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Gratuity Benefits qua educational institutions: Supreme Court extends benefit to teaching staff with retrospective effect

Abhijeet Swaroop

Ankita Bafna

In a huge respite for teaching community across the country, the Supreme Court recently clarified the position that teachers are entitled to payment of gratuity after retirement or superannuation or resignation.

In light of the aforesaid, the present article seeks to examine the change in the position of law regarding the issue as to whether teachers, employed in an educational institution, are entitled to the benefit of gratuity under the Payment of Gratuity Act, 1972 (The Act).

The Supreme Court in Ahmedabad Private Primary Teachers Association Vs. Administrative Officer [(2004) 1 SCC 755] while interpreting the definition of “employee” as provided under Section 2(e) of the Act had laid down that unlike non-teaching staff of an educational institution, the teaching staff as a class is not covered by the said definition.

The aforesaid judgment, on account of amendment made in the definition of “employee” in December, 2009 read with Notification dated 03.04.1997, has been overruled by the Supreme Court vide its judgment in Birla Institute of Technology Vs. State of Jharkhand And Others [(2019) 4 SCC 513]. The necessary implication of the overruling is that the class of teachers employed in any educational institution are entitled to claim gratuity under the Act from their employers.

The additional benefit flowing from the aforesaid amendment is that the entitlement of gratuity has been conferred on the teachers with retrospective effect from 03.04.1997. It appears that 03.04.1997 was chosen as the date for giving effect to the aforesaid entitlement because the Central Government on the said date in exercise of its powers conferred under Section 1(c) of the Act had notified educational institutions as a class of establishment under the definition of “employee”.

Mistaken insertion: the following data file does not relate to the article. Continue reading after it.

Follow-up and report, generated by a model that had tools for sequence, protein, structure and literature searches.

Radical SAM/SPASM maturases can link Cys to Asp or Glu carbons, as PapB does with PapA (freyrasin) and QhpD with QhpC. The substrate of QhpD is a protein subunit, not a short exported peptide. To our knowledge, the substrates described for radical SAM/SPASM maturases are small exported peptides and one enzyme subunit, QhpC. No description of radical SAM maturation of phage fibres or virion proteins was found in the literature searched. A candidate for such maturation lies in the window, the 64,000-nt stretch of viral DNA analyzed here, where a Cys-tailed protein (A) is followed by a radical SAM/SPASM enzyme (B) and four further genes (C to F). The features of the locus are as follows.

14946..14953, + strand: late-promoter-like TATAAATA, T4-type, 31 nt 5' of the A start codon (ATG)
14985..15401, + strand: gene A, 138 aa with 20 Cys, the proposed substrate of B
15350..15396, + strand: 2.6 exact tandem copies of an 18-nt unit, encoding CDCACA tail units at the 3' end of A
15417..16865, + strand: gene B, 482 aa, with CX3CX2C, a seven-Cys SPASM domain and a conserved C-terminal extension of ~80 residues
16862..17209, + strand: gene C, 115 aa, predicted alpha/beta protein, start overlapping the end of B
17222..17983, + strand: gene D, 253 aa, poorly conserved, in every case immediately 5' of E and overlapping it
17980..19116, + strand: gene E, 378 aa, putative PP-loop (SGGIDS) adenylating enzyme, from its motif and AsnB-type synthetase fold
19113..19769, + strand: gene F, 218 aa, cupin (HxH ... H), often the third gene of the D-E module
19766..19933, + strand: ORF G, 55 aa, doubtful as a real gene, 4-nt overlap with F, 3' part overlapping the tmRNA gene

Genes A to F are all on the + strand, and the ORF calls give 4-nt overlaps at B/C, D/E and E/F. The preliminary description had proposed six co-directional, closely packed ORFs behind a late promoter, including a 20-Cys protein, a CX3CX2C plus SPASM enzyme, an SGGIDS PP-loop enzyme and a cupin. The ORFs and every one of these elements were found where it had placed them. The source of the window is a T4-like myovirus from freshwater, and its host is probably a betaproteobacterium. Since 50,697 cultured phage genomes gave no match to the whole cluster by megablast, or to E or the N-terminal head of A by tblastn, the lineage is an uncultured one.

The Payment of Gratuity Act, 1972 (“The Act”) lays down a scheme for payment of gratuity to employees who are employed for wages and are working in a factory, mine, oilfield, plantations, port, railway company, shop or other establishment.

The Act inter alia prescribes that the concerned establishment ought to have employed ten or more employees on any day in the preceding twelve months. Gratuity is payable in the event of superannuation or retirement or resignation or death or total disablement caused due to accident or diseases, only after rendering continuous service for not less than five years.

The Central Government in exercise of its powers conferred under Section 1 (3) (c) of the Act issued a notification on 03.04.1997 thereby including educational institutions as a class of ‘establishment’ under the definition of “employee”. The aforesaid necessarily implied that persons employed in the educational institutions including teachers were brought within the purview of “employee” for the purpose of entitlement of gratuity under the Act.

However the Supreme Court in the Ahmedabad case, while interpreting the Notification dated 03.04.1997, created a classification within an educational institution and held that the benefits under the Act would only accrue to non-teaching staff and consequently would not accrue to the teaching staff.

The aforesaid Judgment therefore, went on to hold that teachers are not covered in the definition of “employee” as provided under Section 2(e) of the Act, as it then existed. The Hon’ble Supreme Court inter alia held as under: